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WHY WE DO WHAT WE DO: Phowa literally means transference. In phowa practice, the consciousness of a person is transferred to enlightenment or a higher state of being. It is often practiced or applied by spiritual people at the time of death. Phowa is generally associated with the transfer of consciousness to Sukhavati or Dewachen, the happy and peaceful realm of Buddha Amitabha or Yoepame, where it is believed to be easy to reach enlightenment.

Phowa

WHY WE DO WHAT WE DO: Phowa literally means transference. In phowa practice, the consciousness of a person is transferred to enlightenment or a higher state of being. It is often practiced or applied by spiritual people at the time of death. Phowa is generally associated with the transfer of consciousness to Sukhavati or Dewachen, the happy and peaceful realm of Buddha Amitabha or Yoepame, where it is believed to be easy to reach enlightenment.

Phowa is based on the Buddhist beliefs of righteous Buddha worlds where spiritual enlightenment is easy and fast and on the tantric Buddhist concept of the psycho-physicalhuman anatomy made up of energy channels, vital energies and flexible nature of consciousness. When one practises phowa,one must first visualize Buddha Amitabha(or some other Buddhas) surrounded by his retinue in the very pleasant, happy and peaceful realm of Dewachen. One must also visualise one’s own inner energy channels, particularly the central channel called uma, and one’s consciousness in the form of a buoyant luminous ball of light in middle of the central channel on a small lotus at the level of the heart.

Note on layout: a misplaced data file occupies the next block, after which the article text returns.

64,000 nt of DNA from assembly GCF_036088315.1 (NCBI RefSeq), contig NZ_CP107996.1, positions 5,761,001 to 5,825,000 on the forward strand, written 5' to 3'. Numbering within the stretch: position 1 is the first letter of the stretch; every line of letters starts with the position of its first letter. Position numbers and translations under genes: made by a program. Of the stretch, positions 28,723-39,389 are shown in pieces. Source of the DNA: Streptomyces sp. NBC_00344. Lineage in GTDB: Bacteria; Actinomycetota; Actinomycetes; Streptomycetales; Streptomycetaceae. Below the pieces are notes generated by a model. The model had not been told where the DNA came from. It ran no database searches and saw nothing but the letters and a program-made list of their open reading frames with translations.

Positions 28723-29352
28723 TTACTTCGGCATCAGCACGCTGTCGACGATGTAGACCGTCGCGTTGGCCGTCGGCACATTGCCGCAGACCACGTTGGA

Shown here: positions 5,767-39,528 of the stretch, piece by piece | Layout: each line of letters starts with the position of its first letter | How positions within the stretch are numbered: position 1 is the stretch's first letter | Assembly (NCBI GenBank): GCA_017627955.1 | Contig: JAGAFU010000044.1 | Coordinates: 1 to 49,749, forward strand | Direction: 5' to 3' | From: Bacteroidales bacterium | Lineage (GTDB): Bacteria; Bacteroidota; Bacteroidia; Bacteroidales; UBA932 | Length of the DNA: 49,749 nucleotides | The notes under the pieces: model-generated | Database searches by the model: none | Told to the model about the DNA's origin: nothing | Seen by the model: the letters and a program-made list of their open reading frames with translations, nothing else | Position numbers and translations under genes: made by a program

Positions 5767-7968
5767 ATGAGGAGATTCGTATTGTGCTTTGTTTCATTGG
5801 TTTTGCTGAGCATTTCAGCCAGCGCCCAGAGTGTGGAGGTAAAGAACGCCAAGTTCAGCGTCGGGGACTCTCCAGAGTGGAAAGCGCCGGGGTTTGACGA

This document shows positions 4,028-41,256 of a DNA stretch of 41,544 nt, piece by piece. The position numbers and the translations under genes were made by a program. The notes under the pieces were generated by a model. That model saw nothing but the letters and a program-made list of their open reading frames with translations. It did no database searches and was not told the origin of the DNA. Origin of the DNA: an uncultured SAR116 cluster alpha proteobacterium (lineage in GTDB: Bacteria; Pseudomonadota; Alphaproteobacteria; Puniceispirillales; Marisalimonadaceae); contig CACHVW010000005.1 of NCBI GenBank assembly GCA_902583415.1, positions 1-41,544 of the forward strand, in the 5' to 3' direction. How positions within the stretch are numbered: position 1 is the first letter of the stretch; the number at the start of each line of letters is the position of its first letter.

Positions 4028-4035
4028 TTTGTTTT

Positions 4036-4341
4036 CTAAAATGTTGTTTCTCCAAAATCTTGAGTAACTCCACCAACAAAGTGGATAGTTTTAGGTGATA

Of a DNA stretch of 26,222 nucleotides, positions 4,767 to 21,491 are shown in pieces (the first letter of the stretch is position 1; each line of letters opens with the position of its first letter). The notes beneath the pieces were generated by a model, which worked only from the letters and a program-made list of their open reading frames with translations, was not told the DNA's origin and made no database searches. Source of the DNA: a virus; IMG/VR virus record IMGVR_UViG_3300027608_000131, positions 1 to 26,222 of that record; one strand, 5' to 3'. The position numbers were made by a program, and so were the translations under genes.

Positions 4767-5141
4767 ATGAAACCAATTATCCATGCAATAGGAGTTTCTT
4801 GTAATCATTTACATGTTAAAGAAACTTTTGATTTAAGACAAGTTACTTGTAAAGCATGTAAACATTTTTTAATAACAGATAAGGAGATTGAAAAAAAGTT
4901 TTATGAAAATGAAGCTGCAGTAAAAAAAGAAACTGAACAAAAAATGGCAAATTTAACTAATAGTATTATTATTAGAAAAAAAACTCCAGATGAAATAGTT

Using the power of mantras, one must visualize that all the orifices including one’s eyes, ears, mouth, nostrils and private parts are blocked so that the consciousness does not leave the body from these openings. Only the pure opening on the crown of one’s head remains open. Then, one makes earnest prayers to Amitabha and other deities to help transfer the consciousness. Chanting the syllableshik, ka, phat, etc., which works as meditation aids, the practitioner visualizes pushing the consciousness upward through the central channel and out of the crown to Amitabha’s presence. The practitioner practises this by throwing the mind upto the crown as many times as he or she can before the consciousness is fully propelled out of the body to the presence or heart of Amitabha. The practitioner carries out this training until there is a sign of success. There may be itching sensation on the crown or blood or pus oozing out to indicate the effect of the practice. Often a blade of kusha grass is pierced through the crown to check if the trainer has succeeded in phowa.

If one is not dying and carries out the practice only as training, then after successfully finishing the training, one must block again the crown of one’s head through meditation with a vajra or some other aids. Otherwise, phowa practice destabilizes one’s life. If someone carries out phowa at the time of death, one would not have to block the crown. When a person dies, lamas are often asked to conduct phowa for the deceased person. In this case, the lama summons the consciousness of the deceased person and engages in phowa to propel the consciousness of the deceased person using the same meditation technique. To check if the phowa is effective, the lama will pick the hair from the deceased person’s crown. If it comes out easily, it is said to be successful.

While doing phowa practice, it is important to have strong devotion to Amitabhaand also carry out clear visualisation. If one is doing for another person, then one must additionally have experience in meditation to be able to have some control on the minds of other people. The main purpose of phowa is to reach enlightenment directly or a higher state of existence in which enlightenment is easy to obtain.

Dr Karma Phuntsho is the President of the Loden Foundation, director of Shejun Agency for Bhutan’ Cultural Documentation and author The History of Bhutan.

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